p.s. My daughters also avoid reading books that win the Newberry Honor. That is, according to them, a sure sign the book will suck. Hey, their words, not mine. I remember doing the same as a child, though–avoiding the books with the shiny gold or silver medal stickers.


Thanks to Maria!

I’ve been drowning in a desert world painted burnt-umber from the drought. I’ve been drowning in a world without water, in which our well gave up its ghost and cried nevermore! I’ve been drowning in a world without hope.

One hot day last week, I set aside my distress and lunched with a friend I made in college (which actually turned out to be two friends by the end), and laughing with these people filled me with hope. And then I latched onto an idea. My dear friend is currently writing her PhD thesis on Mary Wollstencraft. This might have filled me with utter frustration, due to my longing for grad school. But, instead, I decided that a scholar doesn’t have to go to school, where there happen to be many like-minded people (sob, sob). A scholar can conduct research on her own, and write her own thesis for her own strange purposes that nobody will understand but herself. So I’ve decided to write something supremely meaningful and important on the life of James Boswell.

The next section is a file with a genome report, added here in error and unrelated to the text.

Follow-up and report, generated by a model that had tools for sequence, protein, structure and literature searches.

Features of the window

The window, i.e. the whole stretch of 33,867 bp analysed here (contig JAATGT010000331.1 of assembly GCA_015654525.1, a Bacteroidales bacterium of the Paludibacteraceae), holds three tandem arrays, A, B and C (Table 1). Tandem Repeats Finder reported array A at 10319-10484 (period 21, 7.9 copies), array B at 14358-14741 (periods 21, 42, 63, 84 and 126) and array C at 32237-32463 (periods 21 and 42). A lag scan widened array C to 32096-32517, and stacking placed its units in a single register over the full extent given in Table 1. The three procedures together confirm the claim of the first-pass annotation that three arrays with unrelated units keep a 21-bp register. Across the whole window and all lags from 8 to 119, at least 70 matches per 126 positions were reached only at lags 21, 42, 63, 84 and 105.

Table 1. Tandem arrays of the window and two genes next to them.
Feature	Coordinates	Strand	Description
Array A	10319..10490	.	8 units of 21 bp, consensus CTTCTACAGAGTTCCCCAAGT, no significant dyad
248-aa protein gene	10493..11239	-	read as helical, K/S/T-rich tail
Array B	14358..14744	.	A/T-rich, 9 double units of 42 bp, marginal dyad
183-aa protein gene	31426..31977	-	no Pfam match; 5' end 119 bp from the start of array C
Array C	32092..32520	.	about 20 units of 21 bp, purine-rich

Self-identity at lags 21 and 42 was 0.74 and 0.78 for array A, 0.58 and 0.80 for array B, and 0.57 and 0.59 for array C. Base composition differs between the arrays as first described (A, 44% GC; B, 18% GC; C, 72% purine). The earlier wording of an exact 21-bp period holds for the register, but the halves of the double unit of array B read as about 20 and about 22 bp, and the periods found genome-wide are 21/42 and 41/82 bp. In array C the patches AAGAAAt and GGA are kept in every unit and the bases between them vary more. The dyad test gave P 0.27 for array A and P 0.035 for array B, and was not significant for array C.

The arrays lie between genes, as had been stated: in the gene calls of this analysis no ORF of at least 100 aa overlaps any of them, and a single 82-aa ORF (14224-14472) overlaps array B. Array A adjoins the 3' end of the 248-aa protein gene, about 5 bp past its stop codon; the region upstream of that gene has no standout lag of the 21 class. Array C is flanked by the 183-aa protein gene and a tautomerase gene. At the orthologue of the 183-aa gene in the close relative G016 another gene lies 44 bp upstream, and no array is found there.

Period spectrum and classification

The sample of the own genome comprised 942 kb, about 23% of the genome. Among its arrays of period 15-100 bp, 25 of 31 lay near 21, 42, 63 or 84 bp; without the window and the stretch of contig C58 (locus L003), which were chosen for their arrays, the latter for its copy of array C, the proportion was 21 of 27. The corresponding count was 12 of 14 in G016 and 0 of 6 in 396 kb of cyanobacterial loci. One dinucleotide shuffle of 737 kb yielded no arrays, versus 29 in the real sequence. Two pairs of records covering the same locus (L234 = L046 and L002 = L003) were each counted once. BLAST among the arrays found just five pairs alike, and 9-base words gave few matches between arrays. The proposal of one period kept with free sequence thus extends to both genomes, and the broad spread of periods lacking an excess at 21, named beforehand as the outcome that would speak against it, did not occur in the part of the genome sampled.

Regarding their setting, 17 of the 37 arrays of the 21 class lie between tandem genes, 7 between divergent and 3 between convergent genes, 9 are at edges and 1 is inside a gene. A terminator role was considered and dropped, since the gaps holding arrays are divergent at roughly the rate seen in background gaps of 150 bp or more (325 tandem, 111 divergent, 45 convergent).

Suddenly, I have a reason for living. Yes, I know, that sounds dramatic. For me, however, it’s true. And knowing that my Wollstencraft friend (I’ll call her Maria Wollstencraft because her name is Maria, and well, that was obvious!) is now living only an hour a way gives me the strength I used to have–in those days.

In those days! M.W. tantalized me with a portion of her thesis, and on the first page she reminded me of the 18th C male response to intellectual women, in the form of Richard Polwhele’s poem The Unsex’d Females . . . which further reminded me of those gender analyzers, made up of algorithms that determine, by word choice, the sex of an author. Algorithms are, in general, fun. But this one is sexist. Why is it that my nonfiction articles and essays always rate me a man–by about 90%? Is the language of logic and reason masculine? Is it? Why is it that my fiction rates me undeterminable–that is, it drops me to 50%, so I’m no longer strongly a male or a female? What would happen if I wrote romance? Would I suddenly transform myself into the woman I already happen to be?